Pervasive relaxed selection on spermatogenesis genes coincident with the evolution of polygyny in gorillas

Jacob D. Bowman, Neide Silva, Erik Schüftan, Joana M. Almeida, Rion Brattig-Correia, Raquel A. Oliveira, Frank Tüttelmann, David Enard, Paulo Navarro-Costa, Vincent J. Lynch

Research output: Working paperPreprint


Gorillas have a polygynous social system in which the highest-ranking male has almost exclusive access to females and sires most of the offspring in the troop. Such behavior results in a dramatic reduction of sperm competition, which is ultimately associated with numerous traits that cause low efficacy of gorilla spermatogenesis. However, the molecular basis behind the remarkable erosion of the gorilla male reproductive system remains unknown. Here, we explored the genetic consequences of the polygynous social system in gorillas by testing for altered selection intensity across 13,310 orthologous protein-coding genes from 261 Eutherian mammals. We identified 578 genes with relaxed purifying selection in the gorilla lineage, compared with only 96 that were positively selected. Genes under relaxed purifying selection in gorillas have accumulated numerous deleterious amino acid substitutions, their expression is biased towards male germ cells, and are enriched in functions related to meiosis and sperm biology. We tested the function of gorilla relaxed genes previously not implicated in sperm biology using the Drosophila model system and identified 41 novel spermatogenesis genes required for normal fertility. Furthermore, by exploring exome/genome sequencing data of infertile men with severe spermatogenic impairment, we found that the human orthologs of the gorilla relaxed genes are enriched for loss-of-function variants in infertile men. These data provide compelling evidence that reduced sperm competition in gorillas is associated with relaxed purifying selection on genes related to male reproductive function. The accumulation of deleterious mutations in these genes likely provides the mechanistic basis behind the low efficacy of gorilla spermatogenesis and uncovers new candidate genes for human male infertility.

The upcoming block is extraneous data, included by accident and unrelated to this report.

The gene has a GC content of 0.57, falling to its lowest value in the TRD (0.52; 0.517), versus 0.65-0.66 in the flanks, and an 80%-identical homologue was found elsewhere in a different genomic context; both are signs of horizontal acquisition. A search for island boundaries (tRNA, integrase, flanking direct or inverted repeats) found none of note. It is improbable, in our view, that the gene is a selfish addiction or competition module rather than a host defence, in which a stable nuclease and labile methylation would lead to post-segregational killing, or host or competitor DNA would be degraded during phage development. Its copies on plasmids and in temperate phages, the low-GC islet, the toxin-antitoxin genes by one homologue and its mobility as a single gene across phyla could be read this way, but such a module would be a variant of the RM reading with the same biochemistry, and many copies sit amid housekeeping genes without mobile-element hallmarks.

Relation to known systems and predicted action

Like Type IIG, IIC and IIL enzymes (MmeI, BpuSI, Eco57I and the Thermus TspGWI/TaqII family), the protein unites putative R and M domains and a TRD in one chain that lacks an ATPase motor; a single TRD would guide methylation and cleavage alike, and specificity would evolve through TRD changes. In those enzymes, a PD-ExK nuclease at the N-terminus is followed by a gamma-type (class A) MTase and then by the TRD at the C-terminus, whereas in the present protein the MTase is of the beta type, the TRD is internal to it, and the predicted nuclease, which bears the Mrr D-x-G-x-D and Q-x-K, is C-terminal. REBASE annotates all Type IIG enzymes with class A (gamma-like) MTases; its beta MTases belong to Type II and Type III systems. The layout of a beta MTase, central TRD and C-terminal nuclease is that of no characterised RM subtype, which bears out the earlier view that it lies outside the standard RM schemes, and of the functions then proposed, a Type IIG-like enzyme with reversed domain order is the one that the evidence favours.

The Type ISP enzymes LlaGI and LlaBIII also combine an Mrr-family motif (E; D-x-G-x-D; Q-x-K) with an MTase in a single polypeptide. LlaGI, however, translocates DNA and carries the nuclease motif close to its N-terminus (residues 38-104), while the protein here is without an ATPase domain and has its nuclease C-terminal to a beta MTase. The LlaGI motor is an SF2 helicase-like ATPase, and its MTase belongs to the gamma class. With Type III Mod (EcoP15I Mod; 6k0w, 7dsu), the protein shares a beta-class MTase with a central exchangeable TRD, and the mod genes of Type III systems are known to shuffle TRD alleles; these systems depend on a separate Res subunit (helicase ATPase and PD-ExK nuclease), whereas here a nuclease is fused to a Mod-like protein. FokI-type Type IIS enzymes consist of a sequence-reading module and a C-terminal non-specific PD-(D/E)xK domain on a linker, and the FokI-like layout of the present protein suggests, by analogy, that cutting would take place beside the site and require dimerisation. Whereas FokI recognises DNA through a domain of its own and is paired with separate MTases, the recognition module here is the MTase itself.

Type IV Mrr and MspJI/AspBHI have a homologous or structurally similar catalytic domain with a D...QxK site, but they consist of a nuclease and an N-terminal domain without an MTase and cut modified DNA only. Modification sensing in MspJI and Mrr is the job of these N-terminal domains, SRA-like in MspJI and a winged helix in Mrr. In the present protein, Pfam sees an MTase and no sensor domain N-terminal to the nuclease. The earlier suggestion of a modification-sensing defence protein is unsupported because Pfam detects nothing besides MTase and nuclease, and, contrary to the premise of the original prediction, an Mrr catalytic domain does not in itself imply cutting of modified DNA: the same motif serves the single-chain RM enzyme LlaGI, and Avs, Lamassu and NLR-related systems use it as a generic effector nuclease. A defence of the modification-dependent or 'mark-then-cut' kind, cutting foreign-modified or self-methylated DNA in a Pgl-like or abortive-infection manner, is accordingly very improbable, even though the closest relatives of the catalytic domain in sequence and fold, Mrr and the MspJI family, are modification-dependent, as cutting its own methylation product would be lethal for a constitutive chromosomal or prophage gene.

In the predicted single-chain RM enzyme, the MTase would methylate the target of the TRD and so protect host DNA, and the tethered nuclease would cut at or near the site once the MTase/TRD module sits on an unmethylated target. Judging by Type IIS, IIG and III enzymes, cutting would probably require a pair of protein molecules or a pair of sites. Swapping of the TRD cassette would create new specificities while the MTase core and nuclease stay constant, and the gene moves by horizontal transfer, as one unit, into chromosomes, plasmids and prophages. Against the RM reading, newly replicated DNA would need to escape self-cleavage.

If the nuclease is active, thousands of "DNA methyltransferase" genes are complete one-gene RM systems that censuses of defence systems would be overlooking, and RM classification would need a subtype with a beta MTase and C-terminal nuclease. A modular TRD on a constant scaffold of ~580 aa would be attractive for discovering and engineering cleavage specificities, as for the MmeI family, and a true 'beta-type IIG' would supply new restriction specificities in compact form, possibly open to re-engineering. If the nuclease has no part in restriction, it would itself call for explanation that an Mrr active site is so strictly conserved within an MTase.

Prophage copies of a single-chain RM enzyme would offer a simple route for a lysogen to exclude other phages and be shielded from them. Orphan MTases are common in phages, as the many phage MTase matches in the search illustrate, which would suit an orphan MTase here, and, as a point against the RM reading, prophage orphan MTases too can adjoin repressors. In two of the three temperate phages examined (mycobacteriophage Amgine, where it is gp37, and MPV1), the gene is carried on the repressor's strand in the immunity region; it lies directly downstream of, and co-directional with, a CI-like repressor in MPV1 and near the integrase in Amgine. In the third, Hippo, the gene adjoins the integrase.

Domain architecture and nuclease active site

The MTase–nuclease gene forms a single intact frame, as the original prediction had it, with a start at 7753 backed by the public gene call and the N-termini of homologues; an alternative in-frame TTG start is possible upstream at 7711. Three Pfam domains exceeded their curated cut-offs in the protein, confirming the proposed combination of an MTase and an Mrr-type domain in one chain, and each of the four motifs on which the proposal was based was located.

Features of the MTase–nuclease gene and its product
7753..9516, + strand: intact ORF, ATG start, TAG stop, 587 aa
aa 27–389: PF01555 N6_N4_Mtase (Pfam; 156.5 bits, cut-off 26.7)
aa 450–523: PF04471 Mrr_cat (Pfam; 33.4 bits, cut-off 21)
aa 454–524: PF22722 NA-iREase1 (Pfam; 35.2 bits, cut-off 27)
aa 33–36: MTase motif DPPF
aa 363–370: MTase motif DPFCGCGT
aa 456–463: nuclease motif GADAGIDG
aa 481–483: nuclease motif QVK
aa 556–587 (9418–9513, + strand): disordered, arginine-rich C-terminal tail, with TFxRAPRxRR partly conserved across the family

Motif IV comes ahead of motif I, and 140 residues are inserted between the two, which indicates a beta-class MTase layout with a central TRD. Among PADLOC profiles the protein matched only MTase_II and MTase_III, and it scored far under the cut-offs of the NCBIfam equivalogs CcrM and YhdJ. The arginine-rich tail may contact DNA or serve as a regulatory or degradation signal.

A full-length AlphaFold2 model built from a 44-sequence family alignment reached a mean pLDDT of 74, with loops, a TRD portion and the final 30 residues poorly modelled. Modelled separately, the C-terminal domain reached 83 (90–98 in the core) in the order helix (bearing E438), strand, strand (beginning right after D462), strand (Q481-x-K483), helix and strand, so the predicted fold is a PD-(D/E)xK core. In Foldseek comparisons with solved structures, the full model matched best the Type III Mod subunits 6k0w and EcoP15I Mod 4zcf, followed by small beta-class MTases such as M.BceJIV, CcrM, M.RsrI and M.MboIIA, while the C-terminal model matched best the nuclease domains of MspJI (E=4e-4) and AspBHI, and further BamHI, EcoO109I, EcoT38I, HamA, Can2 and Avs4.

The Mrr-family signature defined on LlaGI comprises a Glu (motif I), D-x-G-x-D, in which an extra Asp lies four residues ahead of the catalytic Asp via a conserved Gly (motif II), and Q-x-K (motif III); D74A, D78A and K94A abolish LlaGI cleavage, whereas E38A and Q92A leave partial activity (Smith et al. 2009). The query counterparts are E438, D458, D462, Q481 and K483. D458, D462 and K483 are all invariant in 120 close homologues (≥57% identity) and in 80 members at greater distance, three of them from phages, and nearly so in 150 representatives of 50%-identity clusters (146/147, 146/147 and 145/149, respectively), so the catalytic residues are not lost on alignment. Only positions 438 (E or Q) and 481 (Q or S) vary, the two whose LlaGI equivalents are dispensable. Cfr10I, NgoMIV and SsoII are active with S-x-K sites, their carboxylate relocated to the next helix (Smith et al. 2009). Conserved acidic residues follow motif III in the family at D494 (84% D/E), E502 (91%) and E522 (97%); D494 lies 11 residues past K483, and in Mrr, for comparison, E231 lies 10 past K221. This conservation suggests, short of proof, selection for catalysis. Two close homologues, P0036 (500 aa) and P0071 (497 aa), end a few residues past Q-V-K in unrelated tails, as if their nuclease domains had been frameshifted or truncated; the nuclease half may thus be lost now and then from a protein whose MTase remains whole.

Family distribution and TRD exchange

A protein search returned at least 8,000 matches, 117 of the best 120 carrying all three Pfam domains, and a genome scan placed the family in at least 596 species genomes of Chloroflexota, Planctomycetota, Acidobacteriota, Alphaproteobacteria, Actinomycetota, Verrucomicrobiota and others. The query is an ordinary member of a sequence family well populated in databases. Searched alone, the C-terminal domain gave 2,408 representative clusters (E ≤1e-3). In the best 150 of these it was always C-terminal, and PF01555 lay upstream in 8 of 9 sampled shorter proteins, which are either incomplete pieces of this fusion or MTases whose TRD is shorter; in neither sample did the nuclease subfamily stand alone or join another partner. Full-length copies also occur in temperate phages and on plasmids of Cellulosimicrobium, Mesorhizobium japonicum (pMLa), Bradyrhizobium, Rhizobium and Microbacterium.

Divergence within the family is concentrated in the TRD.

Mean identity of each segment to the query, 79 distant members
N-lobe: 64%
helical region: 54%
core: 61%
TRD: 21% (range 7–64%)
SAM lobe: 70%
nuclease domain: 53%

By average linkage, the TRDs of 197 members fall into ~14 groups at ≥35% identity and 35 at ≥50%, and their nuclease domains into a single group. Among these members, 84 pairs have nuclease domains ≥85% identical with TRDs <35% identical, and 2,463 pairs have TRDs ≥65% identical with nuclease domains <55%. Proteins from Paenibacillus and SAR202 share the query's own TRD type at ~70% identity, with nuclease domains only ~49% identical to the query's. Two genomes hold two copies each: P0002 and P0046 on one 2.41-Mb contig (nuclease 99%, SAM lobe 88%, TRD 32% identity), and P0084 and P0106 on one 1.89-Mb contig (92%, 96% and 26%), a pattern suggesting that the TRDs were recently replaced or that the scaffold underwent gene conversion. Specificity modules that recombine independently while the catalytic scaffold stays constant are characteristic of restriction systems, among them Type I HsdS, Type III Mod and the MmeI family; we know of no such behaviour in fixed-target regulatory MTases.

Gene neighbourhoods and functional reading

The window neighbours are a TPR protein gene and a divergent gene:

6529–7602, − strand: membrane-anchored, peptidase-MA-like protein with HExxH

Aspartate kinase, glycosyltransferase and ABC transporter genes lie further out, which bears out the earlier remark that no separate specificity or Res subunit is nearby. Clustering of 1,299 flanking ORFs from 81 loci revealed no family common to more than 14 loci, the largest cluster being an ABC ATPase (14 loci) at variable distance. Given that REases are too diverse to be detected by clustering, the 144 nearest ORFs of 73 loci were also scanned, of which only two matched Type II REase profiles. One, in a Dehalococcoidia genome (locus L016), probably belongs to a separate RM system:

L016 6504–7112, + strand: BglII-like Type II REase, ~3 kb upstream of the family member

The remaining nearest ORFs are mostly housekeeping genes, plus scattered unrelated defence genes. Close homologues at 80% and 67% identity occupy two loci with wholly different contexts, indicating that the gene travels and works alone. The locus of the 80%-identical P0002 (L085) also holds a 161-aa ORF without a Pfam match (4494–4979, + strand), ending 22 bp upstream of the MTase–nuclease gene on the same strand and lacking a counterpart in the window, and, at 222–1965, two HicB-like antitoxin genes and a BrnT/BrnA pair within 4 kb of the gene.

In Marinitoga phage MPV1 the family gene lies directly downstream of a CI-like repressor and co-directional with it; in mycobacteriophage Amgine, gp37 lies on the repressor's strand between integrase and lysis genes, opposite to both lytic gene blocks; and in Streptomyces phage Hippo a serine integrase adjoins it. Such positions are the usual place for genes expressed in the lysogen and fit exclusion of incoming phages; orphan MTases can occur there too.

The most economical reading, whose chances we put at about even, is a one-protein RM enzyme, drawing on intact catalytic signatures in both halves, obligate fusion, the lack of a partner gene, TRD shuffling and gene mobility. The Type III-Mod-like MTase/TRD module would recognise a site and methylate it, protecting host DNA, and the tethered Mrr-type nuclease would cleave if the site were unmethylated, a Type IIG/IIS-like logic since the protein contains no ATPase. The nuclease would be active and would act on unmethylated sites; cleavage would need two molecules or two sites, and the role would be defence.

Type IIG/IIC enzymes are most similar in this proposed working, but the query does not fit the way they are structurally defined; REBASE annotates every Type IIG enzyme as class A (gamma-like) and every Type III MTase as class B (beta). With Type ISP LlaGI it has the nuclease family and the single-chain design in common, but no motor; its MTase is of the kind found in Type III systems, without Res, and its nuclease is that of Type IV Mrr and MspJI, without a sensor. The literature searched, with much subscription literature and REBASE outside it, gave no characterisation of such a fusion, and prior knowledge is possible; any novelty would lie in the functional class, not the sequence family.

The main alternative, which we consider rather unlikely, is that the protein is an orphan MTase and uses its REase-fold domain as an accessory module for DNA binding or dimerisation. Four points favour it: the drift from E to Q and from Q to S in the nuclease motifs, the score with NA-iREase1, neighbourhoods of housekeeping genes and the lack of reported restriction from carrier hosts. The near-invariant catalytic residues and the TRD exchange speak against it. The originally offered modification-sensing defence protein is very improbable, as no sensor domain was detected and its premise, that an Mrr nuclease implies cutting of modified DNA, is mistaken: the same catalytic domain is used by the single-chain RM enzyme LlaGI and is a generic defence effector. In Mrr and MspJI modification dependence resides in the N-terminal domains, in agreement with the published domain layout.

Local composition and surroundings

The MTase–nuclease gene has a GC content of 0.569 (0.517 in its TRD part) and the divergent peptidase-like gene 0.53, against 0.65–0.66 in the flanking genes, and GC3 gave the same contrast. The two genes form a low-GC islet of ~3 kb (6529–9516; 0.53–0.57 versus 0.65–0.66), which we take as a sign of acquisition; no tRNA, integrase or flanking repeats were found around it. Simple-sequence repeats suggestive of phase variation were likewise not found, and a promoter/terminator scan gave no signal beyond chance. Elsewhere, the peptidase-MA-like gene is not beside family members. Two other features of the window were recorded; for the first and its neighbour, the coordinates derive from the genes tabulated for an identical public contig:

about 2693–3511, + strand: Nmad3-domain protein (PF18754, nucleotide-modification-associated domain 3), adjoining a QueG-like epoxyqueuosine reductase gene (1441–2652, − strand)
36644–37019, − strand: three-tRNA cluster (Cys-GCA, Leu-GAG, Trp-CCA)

Original languageEnglish
Publication statusSubmitted - 27 Oct 2023


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